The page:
Disappointed idealists, unite

The Detroit Free Press ran an article yesterday with the headline “Powerlessness soaring as society spirals”… it’s an Associated Press story that shows on Yahoo as Everything seemingly is spinning out of control.

The can-do, bootstrap approach embedded in the American psyche is under assault. Eroding it is a dour powerlessness that is chipping away at the country’s sturdy conviction that destiny can be commanded with sheer courage and perseverance.

Seems like an odd kind of news story, but I’m glad someone noticed.

Forget anything personal going on. There’s enough going on in the world that isn’t Charlie-centric that makes optimism hard for me to maintain. There’s climate change and atrocities in Darfur and Zimbabwe and Burma and Iraq (just for starters), and would-be authoritarians on both halves of this continent, and corporations out to protect their interests and theirs alone, and rising prices and unemployment and uncertainty, always the uncertainty….

I guess it doesn’t mean much if I say that I’ve never known it to be this bad. I mean, I haven’t been around a half-century yet, which means I’ve missed WWII and I know for a fact that was worse. And I’m not in any real conflict zone, so all I’m doing is reading the news and going “Idiots! How can they be so evil and wrong?” That’s not the same as having bombs exploding nearby. But, still. It’s hard to pretend that the world around me is doing well.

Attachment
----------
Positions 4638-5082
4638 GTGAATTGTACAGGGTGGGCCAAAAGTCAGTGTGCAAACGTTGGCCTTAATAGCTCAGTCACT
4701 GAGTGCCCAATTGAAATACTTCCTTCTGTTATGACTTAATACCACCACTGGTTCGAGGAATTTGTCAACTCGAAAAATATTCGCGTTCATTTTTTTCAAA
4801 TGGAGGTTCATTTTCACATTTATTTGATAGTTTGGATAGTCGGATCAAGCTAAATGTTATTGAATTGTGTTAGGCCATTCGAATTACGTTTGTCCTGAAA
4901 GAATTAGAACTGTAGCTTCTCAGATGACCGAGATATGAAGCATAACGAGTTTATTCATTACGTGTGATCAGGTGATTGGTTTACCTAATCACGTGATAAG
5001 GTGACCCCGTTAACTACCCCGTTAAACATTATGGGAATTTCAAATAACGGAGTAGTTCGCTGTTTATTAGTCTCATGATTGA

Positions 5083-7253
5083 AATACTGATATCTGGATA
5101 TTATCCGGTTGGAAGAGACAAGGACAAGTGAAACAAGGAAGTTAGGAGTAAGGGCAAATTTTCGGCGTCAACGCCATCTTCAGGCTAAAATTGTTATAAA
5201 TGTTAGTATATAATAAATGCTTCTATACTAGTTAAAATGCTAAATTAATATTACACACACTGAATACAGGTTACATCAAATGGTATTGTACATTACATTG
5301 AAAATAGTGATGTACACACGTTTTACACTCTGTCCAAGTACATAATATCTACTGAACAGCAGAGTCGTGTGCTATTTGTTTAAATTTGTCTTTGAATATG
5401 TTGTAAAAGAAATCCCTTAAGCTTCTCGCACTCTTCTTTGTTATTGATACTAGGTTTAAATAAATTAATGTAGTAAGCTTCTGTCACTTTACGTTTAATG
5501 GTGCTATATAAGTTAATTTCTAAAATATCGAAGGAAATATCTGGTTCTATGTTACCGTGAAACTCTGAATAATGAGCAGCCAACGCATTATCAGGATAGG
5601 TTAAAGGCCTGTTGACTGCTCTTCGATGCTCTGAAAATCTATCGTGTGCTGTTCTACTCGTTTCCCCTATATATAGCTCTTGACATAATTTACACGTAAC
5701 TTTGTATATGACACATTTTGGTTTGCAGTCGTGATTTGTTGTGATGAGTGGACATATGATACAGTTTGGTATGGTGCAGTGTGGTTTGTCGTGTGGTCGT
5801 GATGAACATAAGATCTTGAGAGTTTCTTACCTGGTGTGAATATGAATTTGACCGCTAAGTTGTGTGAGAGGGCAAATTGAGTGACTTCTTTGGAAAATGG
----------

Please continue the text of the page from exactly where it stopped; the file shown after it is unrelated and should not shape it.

And the icing on the cake is, it all will be even less funny now that George Carlin is gone. Sure, the world made no sense, but at least George could make us laugh and shake our heads and move on. Come on, the world has to get better—Lewis Black is by himself now, and he’s going to explode if this keeps up, and then we’ll have NO ONE left.

The CNN article quotes Carlin as saying that, even though his career was based on examining the vagaries of human life, he was not a cynic but a “disappointed idealist.” He’s not the only one, I reckon.


About songdogmi

I'm a longhaired almost-hippie stuck in the inner suburbs of a major rust-belt metropolis who's thoughtful, creative, and kind of geeky. In exchange for a paycheck I run around in a cubicle maze most days. When I escape, I play music, hang out in coffee houses, dink around on the computer, take naps, and think I should be off in the woods somewhere. Every once in a while I get in my car and drive far, far away, though I've always come back so far.
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